A kid learning no school language program

How can you expose your kids to a new language if their school doesn't have a world language department?

The benefits of learning a second language range from improved problem-solving skills and creativity to greater academic achievement and enhanced career opportunities.

Although many of these benefits may only be realized later on in life, research shows that the best time to learn a language is in early childhood.

One study by MIT researchers found that children are highly skilled at learning the grammar of a new language up until the age of 17 or 18. With that said, they’re more likely to achieve the proficiency of a native speaker if they start by age 10.

It’s for this reason that kids’ language classes are so important. Unfortunately, the availability of school language programs has been steadily shrinking over the last decade.

So what can parents do to help their children learn a second language if the school they attend doesn’t have a world language department? Let’s take a look.

What is happening to language departments in schools?

Despite the benefits of learning a second language from a young age, teacher shortages and tighter school budgets mean fewer schools are investing in kids’ language classes.

One Pew Research study found that compared to their European counterparts, few American students study a foreign language. In many European countries, students begin learning a foreign language between the ages of 6 and 9, and studying a foreign language for at least one year is compulsory in more than 20 countries across the continent.

In contrast, the United States has no national language requirements, and on average, just 20% of students learn a foreign language in school compared to 92% of European students.

Another report showed that only 36% of Americans were aware of the importance of foreign languages in today’s economy. This highlights the general lack of emphasis on the importance of language study throughout the United States, which is contributing to the decline of school language programs.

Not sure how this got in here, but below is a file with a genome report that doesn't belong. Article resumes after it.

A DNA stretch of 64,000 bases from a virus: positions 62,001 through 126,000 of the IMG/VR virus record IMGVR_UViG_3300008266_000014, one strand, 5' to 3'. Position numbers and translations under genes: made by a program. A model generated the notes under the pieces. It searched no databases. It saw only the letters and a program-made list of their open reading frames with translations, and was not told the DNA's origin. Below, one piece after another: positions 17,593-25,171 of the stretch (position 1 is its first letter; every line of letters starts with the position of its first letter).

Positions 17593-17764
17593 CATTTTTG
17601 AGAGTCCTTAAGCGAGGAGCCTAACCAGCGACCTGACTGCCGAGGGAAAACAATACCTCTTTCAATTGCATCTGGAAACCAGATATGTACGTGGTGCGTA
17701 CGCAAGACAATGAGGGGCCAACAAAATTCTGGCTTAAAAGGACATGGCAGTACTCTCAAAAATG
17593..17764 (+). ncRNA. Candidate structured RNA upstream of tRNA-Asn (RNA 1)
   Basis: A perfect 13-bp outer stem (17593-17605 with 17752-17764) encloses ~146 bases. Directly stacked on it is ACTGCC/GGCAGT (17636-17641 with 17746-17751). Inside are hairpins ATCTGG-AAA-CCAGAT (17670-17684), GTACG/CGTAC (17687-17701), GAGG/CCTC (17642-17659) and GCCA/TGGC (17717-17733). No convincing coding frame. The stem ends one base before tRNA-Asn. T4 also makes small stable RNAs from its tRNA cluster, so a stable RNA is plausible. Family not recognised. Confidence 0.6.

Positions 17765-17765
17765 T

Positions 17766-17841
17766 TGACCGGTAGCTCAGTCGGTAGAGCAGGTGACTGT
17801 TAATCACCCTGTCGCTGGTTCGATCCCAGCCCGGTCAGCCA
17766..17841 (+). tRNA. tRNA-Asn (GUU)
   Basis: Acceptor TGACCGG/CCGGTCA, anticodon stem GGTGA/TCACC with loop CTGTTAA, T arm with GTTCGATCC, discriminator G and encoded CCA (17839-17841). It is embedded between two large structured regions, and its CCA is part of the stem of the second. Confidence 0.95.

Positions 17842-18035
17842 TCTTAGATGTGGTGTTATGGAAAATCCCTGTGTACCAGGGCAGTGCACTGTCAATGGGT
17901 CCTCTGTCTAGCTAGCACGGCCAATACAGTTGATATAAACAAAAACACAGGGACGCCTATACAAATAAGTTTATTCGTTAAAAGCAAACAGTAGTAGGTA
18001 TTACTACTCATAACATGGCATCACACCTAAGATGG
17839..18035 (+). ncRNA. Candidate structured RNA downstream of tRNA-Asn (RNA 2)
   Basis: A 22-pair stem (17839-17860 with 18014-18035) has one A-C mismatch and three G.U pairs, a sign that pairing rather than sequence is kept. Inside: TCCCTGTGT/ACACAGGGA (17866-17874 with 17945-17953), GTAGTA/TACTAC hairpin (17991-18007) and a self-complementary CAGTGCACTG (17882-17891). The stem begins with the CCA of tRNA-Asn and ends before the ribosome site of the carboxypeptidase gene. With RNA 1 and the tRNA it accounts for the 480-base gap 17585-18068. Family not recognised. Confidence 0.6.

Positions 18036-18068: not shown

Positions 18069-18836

What options do parents have?

Fortunately, even if your child’s school currently has no world language department, there’s a lot you can do as a parent to support their foreign language learning.

Some of the things parents can do include reading stories and singing songs together, as well as providing opportunities to practice the language in question, whether this means organizing playdates or attending cultural events.

In addition to practicing together at home, here are a few other options for parents looking to help their child become fluent in a second or even third language.

Language classes

Language classes aren’t just for schools, and fortunately there are plenty of affordable online and blended language learning programs available for young people, from online Spanish classes for kids to language immersion camps for teenagers. If you’re not sure where to begin, start by identifying the language your child would most like to learn based on their goals and interests, and then compare the options.

Language apps

Whether you’re looking to learn Spanish for kids or want to kickstart your child’s interest in a new language, language apps can be a great option. Learning a new language with an app gives kids the flexibility to learn anywhere at any time as well as the ability to choose any language they might be interested in. Additionally, most language apps gamify the learning experience, which can make it more enjoyable for young learners.

Hire a private tutor

If you think your child would benefit from a more personalized learning experience, hiring a private tutor could also be an option. In-person lessons with a language tutor will help your child focus on the areas they most need to improve in, whether it’s speaking, reading or writing, and can also help them stay motivated once their initial enthusiasm wears off.

Petition to the school

Finally, if you’d like your child to have access to foreign language classes but have limited time and resources yourself, it could be worth organizing a school petition. Start by speaking to some of the other parents to find out who else might be interested in signing it. You can then outline some of the practical steps you’d like your child’s school to take in order to prioritize foreign language learning in their curriculum development.

Considering the many benefits of foreign language learning for kids and young people, investing in language education early on is so worth it, whether this takes the form of a language app, online class, in-person program or even summer camp. Berlitz offers a variety of interactive and age-specific learning programs to help kids and teens progress to fluency. Find out more.

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